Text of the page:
Issue - meetings

Byrne Avenue Recreation Centre

Meeting: 07/11/2013 - Cabinet (Item 90)

90 Byrne Avenue Recreation Centre, Byrne Avenue, Rock Ferry pdf icon PDF 101 KB

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Councillor Chris Meaden left the meeting whilst this matter was under consideration.


A report by the Head of Universal and Infrastructure Services summarised the present position in respect of the Byrne Avenue Recreation Centre, sought authority to take possession of the building from the Byrne Avenue Community Trust, declare the property surplus to the Council’s requirements and progress with disposal of the property.


Ben Harrison of the Byrne Avenue Community Trust (BACT) was in attendance at the meeting and Councillor Phil Davies invited him to address the Cabinet.  Mr Harrison relayed the history of the Recreation Centre and informed of the very interesting journey the Trust had embarked upon as it had campaigned to reopen the building, signed the lease in 2011 and struggled to find bodies, that were not already oversubscribed, that would provide grants to assist the project.  The fact that the building was closed had meant that the Trust was not eligible for a lot of grants.


Mr Harrison informed that there had been set backs.  The building had been broken in to and lead had been stolen from the roof.  However, some progress had been made.  A project manager had been recruited and some low level funding had been secured to make the building look more presentable. 


The Director’s report informed that the BACT had been unsuccessful in securing funding to completely refurbish the building.  Its proposal to carry out the work in two phases, using the Community Fund £350,000 for phase one, gave no assurances that the funds for phase two would be secured.  In the absence of a Business Plan, any phased development would be difficult to support as Phase one would see the refurbishing of the pool which was commonly the loss-making activity in a Sports Centre and would need to be supported by more profitable dry activities.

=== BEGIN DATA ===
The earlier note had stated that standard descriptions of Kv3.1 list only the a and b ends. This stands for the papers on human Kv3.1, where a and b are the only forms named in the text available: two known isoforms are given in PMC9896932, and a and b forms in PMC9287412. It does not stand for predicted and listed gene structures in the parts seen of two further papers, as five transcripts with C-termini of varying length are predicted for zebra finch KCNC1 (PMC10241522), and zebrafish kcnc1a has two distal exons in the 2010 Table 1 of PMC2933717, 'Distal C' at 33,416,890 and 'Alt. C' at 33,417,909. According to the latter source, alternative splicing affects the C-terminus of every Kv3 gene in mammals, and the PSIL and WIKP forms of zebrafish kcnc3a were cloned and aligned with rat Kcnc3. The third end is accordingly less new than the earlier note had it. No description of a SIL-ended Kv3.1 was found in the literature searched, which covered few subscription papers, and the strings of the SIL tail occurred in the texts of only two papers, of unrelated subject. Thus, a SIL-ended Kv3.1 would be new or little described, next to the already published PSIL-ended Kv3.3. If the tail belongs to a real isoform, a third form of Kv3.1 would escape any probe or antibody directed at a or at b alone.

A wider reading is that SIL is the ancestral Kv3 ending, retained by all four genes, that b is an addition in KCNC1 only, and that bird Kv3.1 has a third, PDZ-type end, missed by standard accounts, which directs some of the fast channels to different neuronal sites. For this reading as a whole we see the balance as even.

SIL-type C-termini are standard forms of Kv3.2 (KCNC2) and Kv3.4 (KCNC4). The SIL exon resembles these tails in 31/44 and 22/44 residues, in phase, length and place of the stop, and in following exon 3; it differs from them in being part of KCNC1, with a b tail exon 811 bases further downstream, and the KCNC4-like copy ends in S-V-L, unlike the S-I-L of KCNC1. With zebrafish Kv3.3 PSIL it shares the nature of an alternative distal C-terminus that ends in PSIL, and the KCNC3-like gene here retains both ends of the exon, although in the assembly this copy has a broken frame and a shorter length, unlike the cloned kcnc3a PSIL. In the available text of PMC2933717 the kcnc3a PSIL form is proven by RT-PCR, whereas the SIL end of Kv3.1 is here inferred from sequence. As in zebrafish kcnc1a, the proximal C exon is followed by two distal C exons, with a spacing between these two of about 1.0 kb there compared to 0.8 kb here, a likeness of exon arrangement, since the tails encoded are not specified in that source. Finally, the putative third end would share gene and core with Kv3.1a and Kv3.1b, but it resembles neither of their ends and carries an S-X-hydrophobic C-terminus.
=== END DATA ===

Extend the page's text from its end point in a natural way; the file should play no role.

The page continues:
The building could, therefore, remain partly refurbished indefinitely.  The lease had been subject to the condition that BACT would secure all the funding within twelve months of signing the lease and the building would be completely refurbished, prior to opening.  The deadline for securing the funding and submitting the business plan had been 10 February 2013 and, therefore, the lease had expired.


The Council’s Disposal Policy set out the procedure for the disposal of surplus assets.  The sale could proceed on the open market with the existing building or a cleared site.  It was noted that the sale of the existing building would remove all liability from the Council and there would be no delay in marketing the building.  The market would determine whether the building was refurbished and reused or demolished and the site redeveloped.  The risk was that, on disposal, the Council would have no further control over the building which could be left vacant and unused by the purchaser and, therefore, may become vandalised and detrimental to the surrounding area.


A sale of the cleared site would require the demolition of the building.  Demolition costs, including a type three asbestos survey, were  ...  view the full minutes text for item 90